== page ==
Democratic tyranny arises from racial, religious, ethnic, gender, class, generation, and sexual orientation differences. Real estate tax inequity is based on class tyranny (property owners versus renters), but also generational tyranny. Generational tyranny is the tendency of past and present generations to burden future generations. Other examples of generational tyranny are: The Federal deficit and growing debt; Union contracts that grandfather benefits for past employees while future employees do with less; “No Child Left Behind,” in which the past requires 100% of the future (children) to meet reading and mathematic proficiency, a scientific impossibility considering that innate learning deficiencies or disabilities exist among at least 15% of the population; and the different legal status of alcohol versus marijuana (Both are recreational drugs with similar health effects, but marijuana is not accepted by the majority and mostly older generation).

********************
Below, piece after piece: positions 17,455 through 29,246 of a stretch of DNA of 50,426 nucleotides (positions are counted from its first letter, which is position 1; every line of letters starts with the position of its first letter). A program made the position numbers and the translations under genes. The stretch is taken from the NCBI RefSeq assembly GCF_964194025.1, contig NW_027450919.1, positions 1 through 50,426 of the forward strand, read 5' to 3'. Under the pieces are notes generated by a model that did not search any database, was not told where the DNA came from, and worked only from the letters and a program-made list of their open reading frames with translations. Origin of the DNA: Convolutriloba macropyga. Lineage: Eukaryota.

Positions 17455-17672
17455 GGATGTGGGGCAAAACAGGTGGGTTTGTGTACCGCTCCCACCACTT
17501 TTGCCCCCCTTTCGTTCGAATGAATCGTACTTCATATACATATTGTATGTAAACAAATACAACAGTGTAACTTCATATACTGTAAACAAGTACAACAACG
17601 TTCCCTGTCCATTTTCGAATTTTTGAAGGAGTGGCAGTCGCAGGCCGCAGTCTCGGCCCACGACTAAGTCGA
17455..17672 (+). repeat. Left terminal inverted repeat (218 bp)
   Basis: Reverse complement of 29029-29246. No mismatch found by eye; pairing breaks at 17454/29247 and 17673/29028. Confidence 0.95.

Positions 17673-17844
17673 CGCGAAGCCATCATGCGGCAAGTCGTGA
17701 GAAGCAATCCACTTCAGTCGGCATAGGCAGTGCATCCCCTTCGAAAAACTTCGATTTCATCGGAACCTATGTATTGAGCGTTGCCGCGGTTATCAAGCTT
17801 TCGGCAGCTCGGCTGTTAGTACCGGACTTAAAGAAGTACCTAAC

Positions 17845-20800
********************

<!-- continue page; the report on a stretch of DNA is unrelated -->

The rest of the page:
Generational tyranny is an ideal form of democratic tyranny. The future is absent and unavailable to vote or retaliate against tyranny of the past. As long as the next generation continues to pass the burden (particularly those involving money) on to the next generation, the day of reckoning is postponed. It must be pointed out that education and social security, in which one generation pays for the benefits of another, are not generational tyrannies as long as the benefits are not excessive. The youth who receive education benefits today will pay back to the education system when they become adults, and working adults paying for social security today will receive benefits at a later age. However, Medicare could be considered a generational tyranny since everyone needs healthcare and only the elderly receive universal coverage. The reason universal healthcare for all has remained so long in discussion mode is because the majority is satisfied with the healthcare they receive either from their employers or through Medicare. Universal healthcare will only be address when the now 20% minority (mostly young) without healthcare grow to a more disturbing and threatening number.